United States affirms importance of post-pandemic recovery in Africa

Even with fewer cases, Africa has been hit hard by the coronavirus pandemic over the past year, which has combined with existing challenges and crises such as climate change to destabilize previously growing African economies, said United States Representative to the U.N. Linda Thomas-Greenfield Wednesday.

“Today, like the rest of the world, Africa is confronted with several global crises – including COVID-19 and climate change,” said the ambassador at a United Nations Security Council meeting.

While the U.S. CDC reports that over 277 million doses of the coronavirus vaccine have been administered in the United States, the vast majority of Africa remains unvaccinated and without access.

Thomas-Greenfield asserted that the pandemic needs to be combatted collaboratively and has demonstrated how interconnected the world is in both its challenges and opportunities.

President Biden announced Monday that the United States will be donating 80 million COVID-19 vaccines to other countries by the end of June, though it is unclear how many of those doses will go to African countries.

“The decisive actions many African leaders took to confront COVID-19 pandemic have saved countless lives. If it were not for their leadership, as well as the Africa CDC and the health infrastructure and expertise built over the past decades, the effects of the pandemic could have been a lot worse,” said Ambassador Thomas-Greenfield.

The scope of damage and destabilization caused throughout Africa by the coronavirus pandemic is extensive and has combined with pre-existing health crises such as the HIV/AIDS epidemic and high mortality rates to exacerbate problems in already struggling economies.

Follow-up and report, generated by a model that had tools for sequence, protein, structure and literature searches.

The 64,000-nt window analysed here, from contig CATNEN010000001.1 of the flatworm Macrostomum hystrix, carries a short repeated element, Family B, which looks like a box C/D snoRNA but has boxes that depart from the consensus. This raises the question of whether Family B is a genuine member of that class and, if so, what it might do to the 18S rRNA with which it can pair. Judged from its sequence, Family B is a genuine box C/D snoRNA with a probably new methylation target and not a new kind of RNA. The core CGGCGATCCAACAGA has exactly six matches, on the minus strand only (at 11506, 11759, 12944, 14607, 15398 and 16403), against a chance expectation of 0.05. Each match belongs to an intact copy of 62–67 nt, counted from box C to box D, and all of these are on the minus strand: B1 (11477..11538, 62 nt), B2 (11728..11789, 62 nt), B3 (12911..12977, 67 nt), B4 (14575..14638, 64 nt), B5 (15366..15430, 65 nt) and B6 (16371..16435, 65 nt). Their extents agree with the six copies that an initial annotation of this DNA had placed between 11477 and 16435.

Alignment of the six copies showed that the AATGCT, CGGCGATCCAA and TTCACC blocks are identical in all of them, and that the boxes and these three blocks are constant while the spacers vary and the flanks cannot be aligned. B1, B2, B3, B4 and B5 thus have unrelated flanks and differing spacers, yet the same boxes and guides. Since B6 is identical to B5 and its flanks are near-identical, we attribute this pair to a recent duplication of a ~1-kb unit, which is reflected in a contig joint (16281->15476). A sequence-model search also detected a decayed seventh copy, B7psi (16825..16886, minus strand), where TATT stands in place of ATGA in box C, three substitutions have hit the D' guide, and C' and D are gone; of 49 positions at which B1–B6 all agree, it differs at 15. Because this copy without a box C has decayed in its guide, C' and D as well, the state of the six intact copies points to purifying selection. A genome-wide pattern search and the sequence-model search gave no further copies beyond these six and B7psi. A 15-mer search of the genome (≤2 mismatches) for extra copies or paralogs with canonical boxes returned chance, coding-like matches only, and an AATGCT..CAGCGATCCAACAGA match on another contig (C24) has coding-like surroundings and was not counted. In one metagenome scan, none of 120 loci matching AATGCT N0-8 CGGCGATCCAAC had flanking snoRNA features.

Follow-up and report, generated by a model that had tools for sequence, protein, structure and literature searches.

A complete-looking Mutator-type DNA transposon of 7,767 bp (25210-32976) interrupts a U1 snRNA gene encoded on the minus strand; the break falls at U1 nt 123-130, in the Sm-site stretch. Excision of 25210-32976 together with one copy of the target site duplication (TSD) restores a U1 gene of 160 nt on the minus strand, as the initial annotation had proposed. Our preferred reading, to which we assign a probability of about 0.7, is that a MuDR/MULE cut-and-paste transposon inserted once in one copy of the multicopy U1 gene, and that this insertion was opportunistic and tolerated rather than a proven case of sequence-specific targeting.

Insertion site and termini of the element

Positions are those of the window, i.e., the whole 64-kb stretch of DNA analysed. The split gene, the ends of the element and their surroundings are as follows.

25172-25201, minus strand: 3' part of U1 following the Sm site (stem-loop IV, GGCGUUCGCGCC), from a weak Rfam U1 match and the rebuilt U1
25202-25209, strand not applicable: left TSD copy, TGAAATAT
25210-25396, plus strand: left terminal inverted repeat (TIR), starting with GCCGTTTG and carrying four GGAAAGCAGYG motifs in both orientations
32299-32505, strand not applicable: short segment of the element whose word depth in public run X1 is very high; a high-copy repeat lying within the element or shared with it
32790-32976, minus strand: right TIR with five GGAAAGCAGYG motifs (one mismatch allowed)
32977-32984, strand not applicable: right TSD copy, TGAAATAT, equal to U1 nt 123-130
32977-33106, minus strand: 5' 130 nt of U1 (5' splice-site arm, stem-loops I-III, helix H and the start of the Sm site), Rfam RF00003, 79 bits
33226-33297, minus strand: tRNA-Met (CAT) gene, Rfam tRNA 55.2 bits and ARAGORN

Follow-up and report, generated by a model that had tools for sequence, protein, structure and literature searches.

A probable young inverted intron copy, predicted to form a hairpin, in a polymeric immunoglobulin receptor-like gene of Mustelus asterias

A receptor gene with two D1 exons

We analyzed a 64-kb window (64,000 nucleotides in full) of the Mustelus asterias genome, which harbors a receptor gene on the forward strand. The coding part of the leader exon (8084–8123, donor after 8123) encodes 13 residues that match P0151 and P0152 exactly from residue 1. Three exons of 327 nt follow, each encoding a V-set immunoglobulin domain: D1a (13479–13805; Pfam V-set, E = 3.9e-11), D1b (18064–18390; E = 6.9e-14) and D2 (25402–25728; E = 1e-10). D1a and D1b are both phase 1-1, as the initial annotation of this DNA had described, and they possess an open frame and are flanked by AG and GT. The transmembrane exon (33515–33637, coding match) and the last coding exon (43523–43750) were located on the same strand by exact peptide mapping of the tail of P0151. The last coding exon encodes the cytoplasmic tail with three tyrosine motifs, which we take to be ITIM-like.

While they are undoubtedly crucial, public health crises such as the COVID-19 pandemic are not the only problems facing the continent of Africa- which has millions of people in need of humanitarian assistance due to conflicts, human rights violations, and climate-related factors.

According to the African Development Bank, Africa loses 7 to 15 billion dollars per year to climate change, a number that the IMF estimates will rise to $50 billion per year by 2040.

“Africa, the least emitter, suffers the worst of the impacts of climate change,” said President of the African Development Bank Akinwu A. Adesina in April.

“The United States is doing our part to set aggressive goals to combat climate change, which is a source of conflict and food insecurity in countless places across the continent,” said U.S. Ambassador Thomas-Greenfield Wednesday.

Africa has seen a rise in environmentally driven conflicts in recent years, including conflicts between farmers and herders as well as disagreements over water management, such as the disputes over the Grand Ethiopian Renaissance Dam in the Horn of Africa.

“The United States supports the Paris Club-G20 Debt Service Suspension Initiative and the Common Framework for Debt Treatment – both of which include debt transparency requirements. We commend financing efforts from the World Bank and the IMF, and we will be directly supporting the development of a plan for a $650 billion IMF special drawing rights allocation,” said the U.S. ambassador Wednesday.

Thomas-Greenfield explained that the defense of democracy and human rights is the most powerful tool for preventing conflict. Therefore, the United States encourages the democratization of African nations, accountability of governments, and empowerment of the people.

“The challenges Africa faces are great. But Africa’s promise is far greater. And we are committed to working together, as partners, to propel that promise forward,” concluded the United States Representative to the United Nations.

Noah Pitcher is a global politics correspondent for Today News Africa covering the U.S. government, United Nations, African Union, and other actors involved in international developments, political controversies, and humanitarian issues.

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